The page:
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China gives its economic forecast at G20

China's financial markets are expected to remain stable and the renminbi is not on course for a long-term devaluation, while fiscal spending will grow faster than expected this year, the country's top financial officials told the G20.

Chinese Finance Minister Lou Jiwei said that central government spending will rise 10 percent this year, more than the 7 percent growth budgeted at the start of the year, according to a statement late Saturday on the People's Bank of China website. China will raise dividend payments from designated state-owned enterprises to make up for any shortfalls.

China's overall GDP growth will remain around 7 percent, as predicted earlier in the year, and the new economic normal may last for four to five years, Lou said. The government will not particularly care about quarterly economic fluctuations and maintain steady macro-economic policy, he added.

China can no longer rely on policy supports to achieve 9-10 percent growth, as it may already take several years to digest excess industrial capacity and inventories, the finance minister said.

It will go through "labor pains" in the next five years as it aims to complete main structural reforms by 2020, Lou added.

The quality of growth, however, is already improving with 7 million jobs created in the first half of the year, consumption overtaking investment in contributing to economic growth and the balance of payments becoming more even, he said.

Also at the G20, People's Bank of China Governor Zhou Xiaochuan pointed out in the statement that there is no foundation that renminbi will keep devaluing for a long term.

The yuan-US dollar exchange rate is relatively stable, the stock market is already roughly where it should be and financial markets are expected to be stable, Zhou said.

China is headed for its slowest economic expansion in 25 years in 2015 and mainland markets have slumped 40 percent since mid-June, sending global financial markets skittering.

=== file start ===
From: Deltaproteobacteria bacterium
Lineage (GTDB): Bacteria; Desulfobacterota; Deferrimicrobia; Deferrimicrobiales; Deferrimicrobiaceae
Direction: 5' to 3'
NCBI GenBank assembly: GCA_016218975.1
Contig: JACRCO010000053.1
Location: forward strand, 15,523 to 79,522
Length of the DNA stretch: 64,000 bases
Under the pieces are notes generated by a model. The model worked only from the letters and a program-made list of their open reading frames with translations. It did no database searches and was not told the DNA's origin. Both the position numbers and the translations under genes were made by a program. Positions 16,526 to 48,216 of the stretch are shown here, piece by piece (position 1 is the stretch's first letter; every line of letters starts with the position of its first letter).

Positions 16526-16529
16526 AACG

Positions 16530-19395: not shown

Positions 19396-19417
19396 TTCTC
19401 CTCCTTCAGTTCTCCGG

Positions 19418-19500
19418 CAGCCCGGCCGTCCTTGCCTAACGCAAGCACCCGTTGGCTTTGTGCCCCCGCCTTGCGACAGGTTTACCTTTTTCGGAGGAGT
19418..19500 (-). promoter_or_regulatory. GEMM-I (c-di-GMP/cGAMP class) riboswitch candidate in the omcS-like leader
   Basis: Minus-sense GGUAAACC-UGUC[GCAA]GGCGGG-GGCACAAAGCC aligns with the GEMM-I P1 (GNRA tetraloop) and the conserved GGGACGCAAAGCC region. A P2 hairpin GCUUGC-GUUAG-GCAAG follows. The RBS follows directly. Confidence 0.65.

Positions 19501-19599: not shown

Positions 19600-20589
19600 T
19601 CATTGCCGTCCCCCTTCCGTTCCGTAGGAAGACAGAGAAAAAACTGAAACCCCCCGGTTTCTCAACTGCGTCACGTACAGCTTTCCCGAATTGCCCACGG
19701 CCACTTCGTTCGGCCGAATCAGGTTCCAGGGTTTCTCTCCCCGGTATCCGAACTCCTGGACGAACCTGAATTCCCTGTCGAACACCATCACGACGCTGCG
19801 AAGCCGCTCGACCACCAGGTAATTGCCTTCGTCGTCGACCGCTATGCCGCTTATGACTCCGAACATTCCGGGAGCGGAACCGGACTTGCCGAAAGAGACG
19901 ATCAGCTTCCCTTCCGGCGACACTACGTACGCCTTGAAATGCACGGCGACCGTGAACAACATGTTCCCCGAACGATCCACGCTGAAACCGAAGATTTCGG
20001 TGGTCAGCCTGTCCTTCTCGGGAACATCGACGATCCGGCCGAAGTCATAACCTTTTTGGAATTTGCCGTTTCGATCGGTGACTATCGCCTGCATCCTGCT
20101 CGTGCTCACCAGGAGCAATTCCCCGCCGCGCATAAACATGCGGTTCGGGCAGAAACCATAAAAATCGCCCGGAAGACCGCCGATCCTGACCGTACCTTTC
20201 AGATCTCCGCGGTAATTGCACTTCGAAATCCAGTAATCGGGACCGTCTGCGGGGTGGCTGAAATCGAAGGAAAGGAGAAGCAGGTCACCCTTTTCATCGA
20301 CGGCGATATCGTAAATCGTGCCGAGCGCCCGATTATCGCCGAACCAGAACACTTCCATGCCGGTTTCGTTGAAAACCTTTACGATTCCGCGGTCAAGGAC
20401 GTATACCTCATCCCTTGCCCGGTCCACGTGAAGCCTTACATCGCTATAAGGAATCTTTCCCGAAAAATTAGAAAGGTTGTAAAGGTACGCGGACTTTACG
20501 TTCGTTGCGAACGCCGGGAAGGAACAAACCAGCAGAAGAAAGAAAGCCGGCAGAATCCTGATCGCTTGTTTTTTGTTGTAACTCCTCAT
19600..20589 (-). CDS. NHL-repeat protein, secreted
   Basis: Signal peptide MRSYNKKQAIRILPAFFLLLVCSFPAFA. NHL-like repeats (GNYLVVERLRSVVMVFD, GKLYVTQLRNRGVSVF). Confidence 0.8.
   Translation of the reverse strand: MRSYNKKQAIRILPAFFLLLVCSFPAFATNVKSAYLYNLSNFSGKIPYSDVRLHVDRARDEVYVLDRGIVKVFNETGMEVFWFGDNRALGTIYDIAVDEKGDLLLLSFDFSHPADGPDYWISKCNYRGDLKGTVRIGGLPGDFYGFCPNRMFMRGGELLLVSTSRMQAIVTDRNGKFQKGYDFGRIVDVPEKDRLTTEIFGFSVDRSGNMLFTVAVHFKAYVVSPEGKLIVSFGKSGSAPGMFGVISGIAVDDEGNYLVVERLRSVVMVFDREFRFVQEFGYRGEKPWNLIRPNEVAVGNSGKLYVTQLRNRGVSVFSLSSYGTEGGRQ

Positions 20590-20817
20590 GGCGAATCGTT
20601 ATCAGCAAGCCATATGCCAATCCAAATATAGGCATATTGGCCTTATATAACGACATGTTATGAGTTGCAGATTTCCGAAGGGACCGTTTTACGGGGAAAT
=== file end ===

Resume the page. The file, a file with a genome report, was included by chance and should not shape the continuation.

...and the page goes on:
China has been taking measures to prevent its economy from systematic risk including the PBOC providing liquidity to the market through multiple channels.

The measures taken by the Chinese government has prevented the stock market from decline in precipice way and the occurrence of systematic risk.


At the 2-day G20 Finance Ministers and Central Bank Governors Meeting held in Turkey on Friday and Saturday, finance ministers from the G20 nations insisted the global economy has nothing to fear from a China slowdown as they tried to dispel the pall of gloom that has been cast by sagging growth and market turmoil.

European ministers showed firm support for Beijing, which convinced many G20 officials that its devaluation and new currency management arrangements constituted a step towards a more market-determined exchange rate rather than a ploy to boost exports.

German Finance Minister Wolfgang Schäuble said that the G20 agreed there was no reason to fret over slower Chinese growth, while Pierre Moscovici, the EU Commissioner for economic affairs, praised "the absolute determination of the Chinese authorities to sustain growth".

US support was more tempered. US Treasury Secretary Jack Lew pressed Lou for a signal that China would allow market pressures to drive the renminbi up as well as down.

So far, economists have struck a sanguine tone about the impact of China's malaise on American growth — one of the global economy's few bright spots — ahead of a US Federal Reserve meeting on whether to raise record low interest rates for the first time in nearly a decade.

Global growth forecasts have been coming down, with the International Monetary Fund expected to cut its outlook in its autumn update, but direct linkages between China and the US — the world’s two biggest economies — are narrow.

This suggests that a sharp Chinese downturn could leave the US economy less waterlogged than many of its partners.

Earlier G20 officials said that the Chinese devaluation of the renminbi in August and the stock market plunge were all part of a difficult path to a more liberal economy.

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